Imagining Madoff is a 2010 play by playwright Deb Margolin that tells the story of an imagined encounter between Bernard Madoff, the admitted operator of what has been described as the largest Ponzi scheme in history, and his victims. Margolin had originally planned to use Nobel Laureate and Holocaust survivor Elie Wiesel as a character representing a victim, but was obliged by legal threats to substitute a fictional character, whom she named Solomon Galkin.

Elie Wiesel's response to the play


Wiesel had been one of Madoff's most notable victims, having lost his life savings to Madoff's fraud in addition to more than $15 million in losses to a charitable foundation Wiesel operated, the Elie Wiesel Foundation for Humanity, with Wiesel calling Madoff a "thief, scoundrel, criminal".[1] Wiesel had been chosen as a character by Margolin because she felt that he was "synonymous with decency, morality, the struggle for human dignity and kindness".[2] In Margolin's original version of the play, the Elie Wiesel character was intended to be a moral authority and key character in the play, in which he recounted his concentration camp experiences and provided meditations on repentance. Margolin sent a copy of the play to Wiesel, who responded in April 2010 with a letter calling the play "obscene" and "defamatory" and threatening legal action to prevent the play from being staged.[3] In an interview with National Public Radio on May 20, 2010, attorney Richard Lehv expressed his opinion that Wiesel would have had little chance in court of preventing Margolin from using him as a character, noting that "it's a free country. You can make a public figure a character in a work of fiction."[4]



The play was originally to have been staged at Theater J, a Jewish theater in Washington, D.C. in May 2010, but was canceled after Wiesel made his objections known.[5] After Ari Roth, artistic director of Theater J, had offered to submit the play to Wiesel's foundation for review, Margolin objected, viewing the offer as giving Wiesel veto power over the play's content.[6] Margolin called the experience "painful" and said that she was "still scared to talk about it" because of fear of lawsuits, but she felt that she "didn't want to abandon this play".[3] Though the character of Wiesel was formally excised from the play, the replacement character Solomon Galkin, described in the play's script as "80 years old, Holocaust survivor, poet, translator, treasurer of his synagogue", retained most of the dialogue that had originally been planned for the Wiesel character.[3]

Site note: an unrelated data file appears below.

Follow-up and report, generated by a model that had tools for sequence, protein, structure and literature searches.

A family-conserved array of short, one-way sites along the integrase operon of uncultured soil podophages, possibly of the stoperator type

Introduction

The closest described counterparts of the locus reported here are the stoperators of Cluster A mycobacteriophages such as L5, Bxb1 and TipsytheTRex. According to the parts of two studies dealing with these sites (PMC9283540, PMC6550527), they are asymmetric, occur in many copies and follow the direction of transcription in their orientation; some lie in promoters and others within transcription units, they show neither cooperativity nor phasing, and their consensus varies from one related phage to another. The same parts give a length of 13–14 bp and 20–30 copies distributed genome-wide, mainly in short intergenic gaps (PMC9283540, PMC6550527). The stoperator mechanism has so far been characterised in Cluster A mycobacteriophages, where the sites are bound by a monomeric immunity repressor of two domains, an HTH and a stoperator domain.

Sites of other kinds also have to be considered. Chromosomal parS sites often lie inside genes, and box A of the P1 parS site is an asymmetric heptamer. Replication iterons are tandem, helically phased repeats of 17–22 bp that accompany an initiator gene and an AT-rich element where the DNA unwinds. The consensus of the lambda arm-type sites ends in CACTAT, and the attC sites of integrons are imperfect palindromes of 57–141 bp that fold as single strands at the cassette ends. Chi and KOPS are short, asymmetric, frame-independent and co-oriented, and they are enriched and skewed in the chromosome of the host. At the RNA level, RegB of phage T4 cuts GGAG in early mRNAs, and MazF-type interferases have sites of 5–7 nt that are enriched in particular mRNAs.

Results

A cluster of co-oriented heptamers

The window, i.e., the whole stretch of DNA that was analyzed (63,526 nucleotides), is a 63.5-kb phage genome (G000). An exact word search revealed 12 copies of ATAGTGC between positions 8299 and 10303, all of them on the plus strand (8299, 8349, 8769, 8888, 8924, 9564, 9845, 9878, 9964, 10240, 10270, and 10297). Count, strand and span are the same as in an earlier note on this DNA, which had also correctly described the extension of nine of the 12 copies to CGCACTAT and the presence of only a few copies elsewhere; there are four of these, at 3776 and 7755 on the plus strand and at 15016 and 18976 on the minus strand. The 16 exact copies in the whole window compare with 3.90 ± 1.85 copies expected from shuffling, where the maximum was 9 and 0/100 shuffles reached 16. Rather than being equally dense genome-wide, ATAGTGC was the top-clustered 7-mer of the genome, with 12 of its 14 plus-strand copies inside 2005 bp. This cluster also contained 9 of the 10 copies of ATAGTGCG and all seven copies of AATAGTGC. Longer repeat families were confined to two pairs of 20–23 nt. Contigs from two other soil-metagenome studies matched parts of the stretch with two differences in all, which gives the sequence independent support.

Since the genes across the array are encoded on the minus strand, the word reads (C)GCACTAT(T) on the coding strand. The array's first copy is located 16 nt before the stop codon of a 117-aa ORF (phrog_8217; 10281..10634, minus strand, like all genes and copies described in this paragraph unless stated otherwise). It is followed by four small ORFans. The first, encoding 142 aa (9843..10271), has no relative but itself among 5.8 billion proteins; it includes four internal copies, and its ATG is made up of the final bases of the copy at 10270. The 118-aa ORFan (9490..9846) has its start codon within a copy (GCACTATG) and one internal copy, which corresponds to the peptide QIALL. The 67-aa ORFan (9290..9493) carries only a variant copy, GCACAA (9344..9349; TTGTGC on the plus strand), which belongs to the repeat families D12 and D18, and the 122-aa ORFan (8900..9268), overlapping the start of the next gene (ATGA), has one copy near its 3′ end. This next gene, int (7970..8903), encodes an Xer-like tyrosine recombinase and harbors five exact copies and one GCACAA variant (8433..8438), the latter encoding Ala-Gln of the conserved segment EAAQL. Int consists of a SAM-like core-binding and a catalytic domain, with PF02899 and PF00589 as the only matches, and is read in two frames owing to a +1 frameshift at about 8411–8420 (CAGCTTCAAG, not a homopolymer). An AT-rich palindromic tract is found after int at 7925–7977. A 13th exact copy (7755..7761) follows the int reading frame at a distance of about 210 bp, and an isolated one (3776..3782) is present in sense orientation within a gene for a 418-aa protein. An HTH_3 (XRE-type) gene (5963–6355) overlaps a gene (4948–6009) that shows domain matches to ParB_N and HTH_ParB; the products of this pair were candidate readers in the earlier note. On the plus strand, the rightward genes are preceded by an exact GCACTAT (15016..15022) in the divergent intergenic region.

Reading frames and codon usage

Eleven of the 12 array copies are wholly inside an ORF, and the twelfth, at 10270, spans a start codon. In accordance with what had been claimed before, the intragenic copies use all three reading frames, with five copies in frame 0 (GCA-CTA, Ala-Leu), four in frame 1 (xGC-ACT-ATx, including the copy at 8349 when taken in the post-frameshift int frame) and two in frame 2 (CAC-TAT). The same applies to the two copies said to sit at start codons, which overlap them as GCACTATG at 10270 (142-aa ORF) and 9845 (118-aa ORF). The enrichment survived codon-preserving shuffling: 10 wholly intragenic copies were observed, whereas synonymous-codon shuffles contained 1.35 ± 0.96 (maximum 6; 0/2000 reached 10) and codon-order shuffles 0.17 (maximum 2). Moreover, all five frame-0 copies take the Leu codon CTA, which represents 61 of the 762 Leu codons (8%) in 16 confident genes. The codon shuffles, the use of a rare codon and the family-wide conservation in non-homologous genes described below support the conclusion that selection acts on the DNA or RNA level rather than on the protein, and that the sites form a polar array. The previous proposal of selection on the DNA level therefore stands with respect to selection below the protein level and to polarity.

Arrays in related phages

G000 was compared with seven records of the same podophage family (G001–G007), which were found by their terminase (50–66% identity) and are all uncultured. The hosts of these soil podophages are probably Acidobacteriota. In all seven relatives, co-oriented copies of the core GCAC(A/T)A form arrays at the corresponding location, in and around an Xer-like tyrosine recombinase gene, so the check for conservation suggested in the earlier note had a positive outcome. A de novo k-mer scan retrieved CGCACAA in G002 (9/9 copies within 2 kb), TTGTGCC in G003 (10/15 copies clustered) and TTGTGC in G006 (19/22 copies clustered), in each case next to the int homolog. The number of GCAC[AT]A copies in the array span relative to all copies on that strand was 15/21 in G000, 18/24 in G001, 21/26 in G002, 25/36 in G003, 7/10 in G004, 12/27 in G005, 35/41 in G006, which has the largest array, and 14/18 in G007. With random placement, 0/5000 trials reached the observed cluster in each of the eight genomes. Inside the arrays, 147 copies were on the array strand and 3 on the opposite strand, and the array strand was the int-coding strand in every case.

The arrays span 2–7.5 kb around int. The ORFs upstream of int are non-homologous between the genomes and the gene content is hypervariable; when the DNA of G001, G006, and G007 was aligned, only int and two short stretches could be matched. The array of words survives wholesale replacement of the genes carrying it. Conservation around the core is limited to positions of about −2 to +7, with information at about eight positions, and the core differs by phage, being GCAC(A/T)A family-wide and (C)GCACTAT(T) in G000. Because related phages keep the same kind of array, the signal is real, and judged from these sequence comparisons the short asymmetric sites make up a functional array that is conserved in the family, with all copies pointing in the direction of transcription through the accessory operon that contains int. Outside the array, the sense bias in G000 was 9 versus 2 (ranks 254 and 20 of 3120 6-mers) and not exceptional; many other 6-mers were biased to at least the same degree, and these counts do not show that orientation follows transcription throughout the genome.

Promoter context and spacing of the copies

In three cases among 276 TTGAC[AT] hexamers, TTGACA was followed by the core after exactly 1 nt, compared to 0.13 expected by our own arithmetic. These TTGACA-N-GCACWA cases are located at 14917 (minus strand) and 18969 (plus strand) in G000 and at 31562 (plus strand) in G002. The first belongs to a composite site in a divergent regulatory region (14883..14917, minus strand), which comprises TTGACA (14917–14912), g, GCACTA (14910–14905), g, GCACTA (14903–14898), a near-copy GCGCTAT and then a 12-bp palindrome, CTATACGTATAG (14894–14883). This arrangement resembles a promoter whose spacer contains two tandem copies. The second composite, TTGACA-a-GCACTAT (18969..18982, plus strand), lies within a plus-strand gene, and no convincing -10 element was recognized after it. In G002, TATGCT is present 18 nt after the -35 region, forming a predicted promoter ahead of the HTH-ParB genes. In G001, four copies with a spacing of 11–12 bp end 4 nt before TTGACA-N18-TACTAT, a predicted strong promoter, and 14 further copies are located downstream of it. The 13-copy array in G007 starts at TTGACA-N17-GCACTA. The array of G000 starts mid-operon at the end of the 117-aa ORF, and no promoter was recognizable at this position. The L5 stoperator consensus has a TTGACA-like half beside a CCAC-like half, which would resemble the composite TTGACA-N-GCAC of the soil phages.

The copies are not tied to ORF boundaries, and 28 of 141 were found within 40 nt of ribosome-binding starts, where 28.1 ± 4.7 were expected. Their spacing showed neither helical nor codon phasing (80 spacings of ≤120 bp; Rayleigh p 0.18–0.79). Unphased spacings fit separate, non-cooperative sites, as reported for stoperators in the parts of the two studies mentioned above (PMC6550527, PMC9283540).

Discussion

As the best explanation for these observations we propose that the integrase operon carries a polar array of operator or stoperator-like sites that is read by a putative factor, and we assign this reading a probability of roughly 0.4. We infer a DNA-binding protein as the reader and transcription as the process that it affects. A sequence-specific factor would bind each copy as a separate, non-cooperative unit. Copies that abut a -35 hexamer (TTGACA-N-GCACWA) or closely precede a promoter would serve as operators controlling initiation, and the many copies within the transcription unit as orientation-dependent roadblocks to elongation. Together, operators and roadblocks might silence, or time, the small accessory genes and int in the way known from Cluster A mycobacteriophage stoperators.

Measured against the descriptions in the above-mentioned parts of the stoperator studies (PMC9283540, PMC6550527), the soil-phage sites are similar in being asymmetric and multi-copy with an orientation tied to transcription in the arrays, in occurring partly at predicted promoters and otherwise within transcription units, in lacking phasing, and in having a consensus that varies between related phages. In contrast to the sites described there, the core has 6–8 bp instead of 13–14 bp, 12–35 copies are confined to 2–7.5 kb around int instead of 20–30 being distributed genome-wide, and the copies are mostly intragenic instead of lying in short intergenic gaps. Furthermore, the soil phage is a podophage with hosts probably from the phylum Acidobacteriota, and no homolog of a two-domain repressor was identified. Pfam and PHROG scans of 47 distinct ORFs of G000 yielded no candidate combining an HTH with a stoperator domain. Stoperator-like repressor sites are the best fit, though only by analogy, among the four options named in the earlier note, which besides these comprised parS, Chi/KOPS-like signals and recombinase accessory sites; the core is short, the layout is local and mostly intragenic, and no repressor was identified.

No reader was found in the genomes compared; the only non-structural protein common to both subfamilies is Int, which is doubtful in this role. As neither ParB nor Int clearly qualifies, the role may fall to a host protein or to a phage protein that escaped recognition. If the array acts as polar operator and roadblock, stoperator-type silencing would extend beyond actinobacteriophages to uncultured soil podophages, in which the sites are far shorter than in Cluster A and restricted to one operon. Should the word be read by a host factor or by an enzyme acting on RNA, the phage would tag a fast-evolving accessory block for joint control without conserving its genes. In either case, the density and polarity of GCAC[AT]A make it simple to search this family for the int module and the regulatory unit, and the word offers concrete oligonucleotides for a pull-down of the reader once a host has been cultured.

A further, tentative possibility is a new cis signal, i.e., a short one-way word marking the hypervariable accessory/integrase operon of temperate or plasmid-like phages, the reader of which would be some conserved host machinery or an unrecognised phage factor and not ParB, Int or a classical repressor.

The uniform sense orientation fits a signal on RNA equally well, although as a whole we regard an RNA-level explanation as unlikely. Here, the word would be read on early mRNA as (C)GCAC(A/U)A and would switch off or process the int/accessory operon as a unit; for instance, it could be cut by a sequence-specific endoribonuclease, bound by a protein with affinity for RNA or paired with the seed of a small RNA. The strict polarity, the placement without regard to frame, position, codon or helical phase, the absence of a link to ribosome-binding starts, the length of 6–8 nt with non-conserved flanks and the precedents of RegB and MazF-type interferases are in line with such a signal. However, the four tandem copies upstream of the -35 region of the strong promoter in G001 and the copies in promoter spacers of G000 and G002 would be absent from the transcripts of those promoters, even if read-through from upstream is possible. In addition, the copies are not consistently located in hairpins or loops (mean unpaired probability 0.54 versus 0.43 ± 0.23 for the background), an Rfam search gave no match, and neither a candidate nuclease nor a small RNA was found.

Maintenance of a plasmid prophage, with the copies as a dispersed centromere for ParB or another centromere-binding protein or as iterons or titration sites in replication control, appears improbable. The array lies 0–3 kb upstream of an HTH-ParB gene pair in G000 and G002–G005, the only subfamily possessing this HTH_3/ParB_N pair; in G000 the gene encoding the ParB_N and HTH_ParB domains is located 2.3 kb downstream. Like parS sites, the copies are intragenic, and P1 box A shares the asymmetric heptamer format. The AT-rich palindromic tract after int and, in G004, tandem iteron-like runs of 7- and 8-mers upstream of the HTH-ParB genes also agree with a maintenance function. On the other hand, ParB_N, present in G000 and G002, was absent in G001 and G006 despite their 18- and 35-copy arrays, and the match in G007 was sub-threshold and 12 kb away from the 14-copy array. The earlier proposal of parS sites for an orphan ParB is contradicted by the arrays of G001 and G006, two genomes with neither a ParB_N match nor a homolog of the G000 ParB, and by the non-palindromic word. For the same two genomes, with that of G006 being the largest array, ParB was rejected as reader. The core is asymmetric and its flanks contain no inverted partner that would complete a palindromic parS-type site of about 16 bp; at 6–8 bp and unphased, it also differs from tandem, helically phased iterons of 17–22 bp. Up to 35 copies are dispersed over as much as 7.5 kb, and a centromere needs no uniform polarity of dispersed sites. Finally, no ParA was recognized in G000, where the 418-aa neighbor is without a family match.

The revised play premiered in July-August 2010 at Stageworks/Hudson in Hudson, New York.[7] It ran at Washington's Theater J from August 31 to September 25, 2011.[8]

Artistic director Laura Margolis of Stageworks/Hudson has commented that nothing was lost by removing the Wiesel character, and that the new version of the play gave Margolin greater liberties to develop the Galkin character as a person, rather than as representing a famous figure. In a July 2010 article in The New York Times, Margolin emphasized that she had never planned "to be on the wrong side of anybody, let alone someone I admire".[3]

The New Repertory Theatre of Watertown, MA staged the New England premiere in January 2014, which included sixteen sold-out performances. An encore extension was co-presented with the Boston Center for American Performance at the Boston University Theatre-Comley Studio 210 in May-June 2014.



On February 27, 2012, Deb Margolin's Imagining Madoff was nominated for the 28th Annual Helen Hayes Awards which celebrates excellence in professional theater in the Washington D.C. area.[9]


  1. ^ Strom, Stephanie. "Elie Wiesel Levels Scorn at Madoff", The New York Times, February 26, 2009. Accessed July 19, 2010.
  2. ^ Horwitz, Jane. "Theater J pulls Madoff play after objections from activist Elie Wiesel", The Washington Post, May 19, 2010. Accessed July 20, 2010.
  3. ^ a b c d Healy, Patrick. "The Play on Madoff, Without Wiesel", The New York Times, July 19, 2010. Accessed July 19, 2010.
  4. ^ When Truth Meets Fiction, Lawyers Intervene, National Public Radio, May 20, 2010. Accessed July 19, 2010.
  5. ^ Taylor, Kate. "Play Canceled After Wiesel Objects", The New York Times, May 19, 2010. Accessed July 19, 2010.
  6. ^ Fischer, Jonathan L. "Imagining Madoff, sans Elie Wiesel, Opens This Week in New York", Washington City Paper, July 19, 2010. Accessed July 19, 2010.
  7. ^ Review, Times Union, July 25, 2010. Accessed on 7/7/11 at:
  8. ^ Theater J website, accessed on 7/7/11 at: Archived 2011-05-22 at the Wayback Machine
  9. ^, accessed on 2/29/12 at: